Ḳūmis

(1,721 words)

Author(s): Bosworth, C.E.
, a small province of mediaeval Islamic Persia, lying to the south of the Alburz chain watershd and extending into the northern fringes of the Das̲h̲t-i Kavīr. Its western boundaries lay almost in the eastern rural districts of Ray, whilst on the east it marched with K̲h̲urāsān, with which it was indeed at times linked. It was bisected by the great Ray-K̲h̲urāsān highway, along which ¶ were situated the chief towns of Ḳūmis, from west to east K̲h̲uwār or K̲h̲awār (classical Χοαρηνή, modern Aradūn), Simnān [ q.v.]. Dāmg̲h̲ān [ q.v.], and Bisṭām [ q.v.], whilst at its south-eastern extrem…

Kāfiristān

(2,408 words)

Author(s): Bosworth, C.E.
(“land of the unbelievers”), the name of a mountainous region of the Hindu Kush massif in north-eastern Afg̲h̲ānistān, until 1896 very isolated and politically independent, but since the Afg̲h̲ān conquest of that date and the introduction of Islam known as Nūristān (“land of light”). Some older European writers mentioned what might be termed a “greater Kāfiristān”, comprising such regions as Kāfiristān in the restricted sense (see below), Lag̲h̲mān, Čitral, Swāt, Bad̲j̲awr, Gilgit, etc. This cor…

Ḳarā-Köl

(428 words)

Author(s): Bosworth, C.E.
(Turkish “black lake”), ḳarakul , the name of various lakes in Central Asia and of a modern town in the Uzbek SSR. The best-known lake is that lying at the western extremity of the Zarafs̲h̲ān River in Sog̲h̲dia (modern Uzbekistan), midway between Buk̲h̲ārā and Čārd̲j̲ūy (mediaeval Āmul-i S̲h̲aṭṭ, see āmul . 2). The basin in which it lay was known as the Sāmd̲j̲an basin, see Iṣṭak̲h̲rī, 315, and Ibn Ḥawḳal, ed. Kramers, 485, tr. Kramers and Wiet, 466. In Nars̲h̲ak̲h̲ī’s Taʾrīk̲h̲-i Buk̲h̲ārā , ed. Schefer, 17, tr. Frye, 19, the lake is given both the Tur…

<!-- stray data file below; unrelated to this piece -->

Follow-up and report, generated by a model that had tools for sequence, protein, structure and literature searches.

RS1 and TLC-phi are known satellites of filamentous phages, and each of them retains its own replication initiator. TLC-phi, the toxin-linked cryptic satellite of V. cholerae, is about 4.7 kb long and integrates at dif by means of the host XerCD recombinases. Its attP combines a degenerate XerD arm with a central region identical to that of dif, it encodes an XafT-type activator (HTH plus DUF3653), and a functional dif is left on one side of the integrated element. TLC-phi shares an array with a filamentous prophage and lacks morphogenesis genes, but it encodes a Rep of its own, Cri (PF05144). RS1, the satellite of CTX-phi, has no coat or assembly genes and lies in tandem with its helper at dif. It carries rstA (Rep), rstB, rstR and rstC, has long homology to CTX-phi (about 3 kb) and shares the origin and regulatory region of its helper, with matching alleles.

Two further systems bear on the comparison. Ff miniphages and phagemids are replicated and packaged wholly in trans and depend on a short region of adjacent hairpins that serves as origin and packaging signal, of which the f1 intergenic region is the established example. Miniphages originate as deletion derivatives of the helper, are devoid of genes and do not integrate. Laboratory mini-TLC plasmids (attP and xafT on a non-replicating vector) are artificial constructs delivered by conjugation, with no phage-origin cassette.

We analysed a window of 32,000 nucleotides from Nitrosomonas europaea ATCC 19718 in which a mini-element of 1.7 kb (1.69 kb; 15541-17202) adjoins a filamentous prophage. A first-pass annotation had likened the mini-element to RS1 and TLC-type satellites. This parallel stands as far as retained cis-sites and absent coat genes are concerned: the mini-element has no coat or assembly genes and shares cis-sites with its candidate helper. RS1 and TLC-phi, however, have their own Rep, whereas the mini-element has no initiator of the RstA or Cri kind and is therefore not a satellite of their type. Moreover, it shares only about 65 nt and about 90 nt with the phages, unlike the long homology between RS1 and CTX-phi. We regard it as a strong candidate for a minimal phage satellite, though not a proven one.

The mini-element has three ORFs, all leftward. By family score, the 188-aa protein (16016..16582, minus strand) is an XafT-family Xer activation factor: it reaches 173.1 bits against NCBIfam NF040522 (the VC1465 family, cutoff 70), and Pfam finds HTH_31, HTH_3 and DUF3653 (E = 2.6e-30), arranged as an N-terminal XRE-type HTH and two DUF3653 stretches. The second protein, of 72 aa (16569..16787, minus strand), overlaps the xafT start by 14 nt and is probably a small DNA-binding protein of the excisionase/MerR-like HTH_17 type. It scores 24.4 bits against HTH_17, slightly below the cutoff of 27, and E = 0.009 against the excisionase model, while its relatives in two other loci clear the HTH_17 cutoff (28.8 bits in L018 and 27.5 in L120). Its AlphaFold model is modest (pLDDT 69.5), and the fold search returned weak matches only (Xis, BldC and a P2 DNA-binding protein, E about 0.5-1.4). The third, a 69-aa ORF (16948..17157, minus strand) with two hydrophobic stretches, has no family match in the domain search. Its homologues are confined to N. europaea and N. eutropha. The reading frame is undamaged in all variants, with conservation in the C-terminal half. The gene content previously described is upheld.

Zirih

(552 words)

Author(s): Bosworth, C.E.
, Zarah , an inland lake in Sīstān [ q.v.], now straddling the borders of Persia and Afg̲h̲ānistān and the largest stretch of inland fresh water on the Iranian plateau. The name comes from Avestan zrayah-, O Pers. drayah- “sea, lake”. The lake played a role in ancient Iranian legend about a Saos̲h̲yant or Redeemer, a son of Zoroaster, who would arise ¶ from it; Islamised versions of such legends describe King Solomon as commanding his army of jinn to lower the surface of the lake so that the land masses thereby appearing could be used for agriculture (see Bosworth, The Saffarids of Sistan , 36). The…

al-Ḳās̲h̲ānī

(311 words)

Author(s): Bosworth, C.E.
, al-ḳās̲h̲ī , Abu ’l-ʿAbbās Aḥmad b. ʿAlī, called Ibn Bāba or Bābā, Persian author of the Sald̲j̲ūḳ: period, and boon-companion or nadīm by profession. He apparently flourished in the second half of the 5th/11th century and early years of the next one; Bagdatli Ismail Paşa, Īḍāḥ al-maknūn , ¶ i, 546, says that he died in 510/1116-7, and this is approximately confirmed by Yāḳūt, who says that he died at Marw. Only Samʿānī, Ansāb , ff. 80a, 437b, and Yāḳūt, Buldān , ed. Beirut, i, 412, iv, 296-7, have any significant information on him. It seems that he w…

Muʾayyid al-Dawla

(224 words)

Author(s): Bosworth, C.E.
, Abū Manṣūr Būya b. Rukn al-Dawla Ḥasan , Būyid ruler in Iṣfahān, Rayy and most of D̲j̲ibāl 366-73/976-84. His father Rukn al-Dawla had before his death partitioned his lands between Muʾayyid al-Dawla (in Iṣfahān, Rayy and their dependencies) and another son Fak̲h̲r al-Dawla ʿAlī [ q.v.] (in Hamadān and Kurdish D̲j̲ibāl). In the event, Muʾayyid al-Dawla acknowledged the overlordship of their other brother, ʿAḍud al-Dawla [ q.v.] of Fārs, and with the latter’s support prevented Fak̲h̲r al-Dawla from assuming control in the greater part of his allotted territori…

Ṭāhir b. al-Ḥusayn

(465 words)

Author(s): Bosworth, C.E.
b. Muṣʿab b. Ruzayḳ, called D̲h̲u ’l-Yamīhayn (? “the ambidextrous”), b. 159/776, d. 207/822, the founder of a short line of governors in K̲h̲urāsān during the high ʿAbbāsid period, the Ṭāhirids [ q.v.]. His forebears had the aristocratic Arabic nisba of “al-K̲h̲uzāʿī”, but were almost certainly of eastern Persian mawlā stock, Muṣʿab having played a part in the ʿAbbāsid Revolution as secretary to the dāʿī Sulaymān b. Kat̲h̲īr [ q.v.]. He and his son al-Ḥusayn were rewarded with the governorship of Pūs̲h̲ang [see būs̲h̲and̲j̲ ], and Muṣʿab at least apparently governed Harāt also. …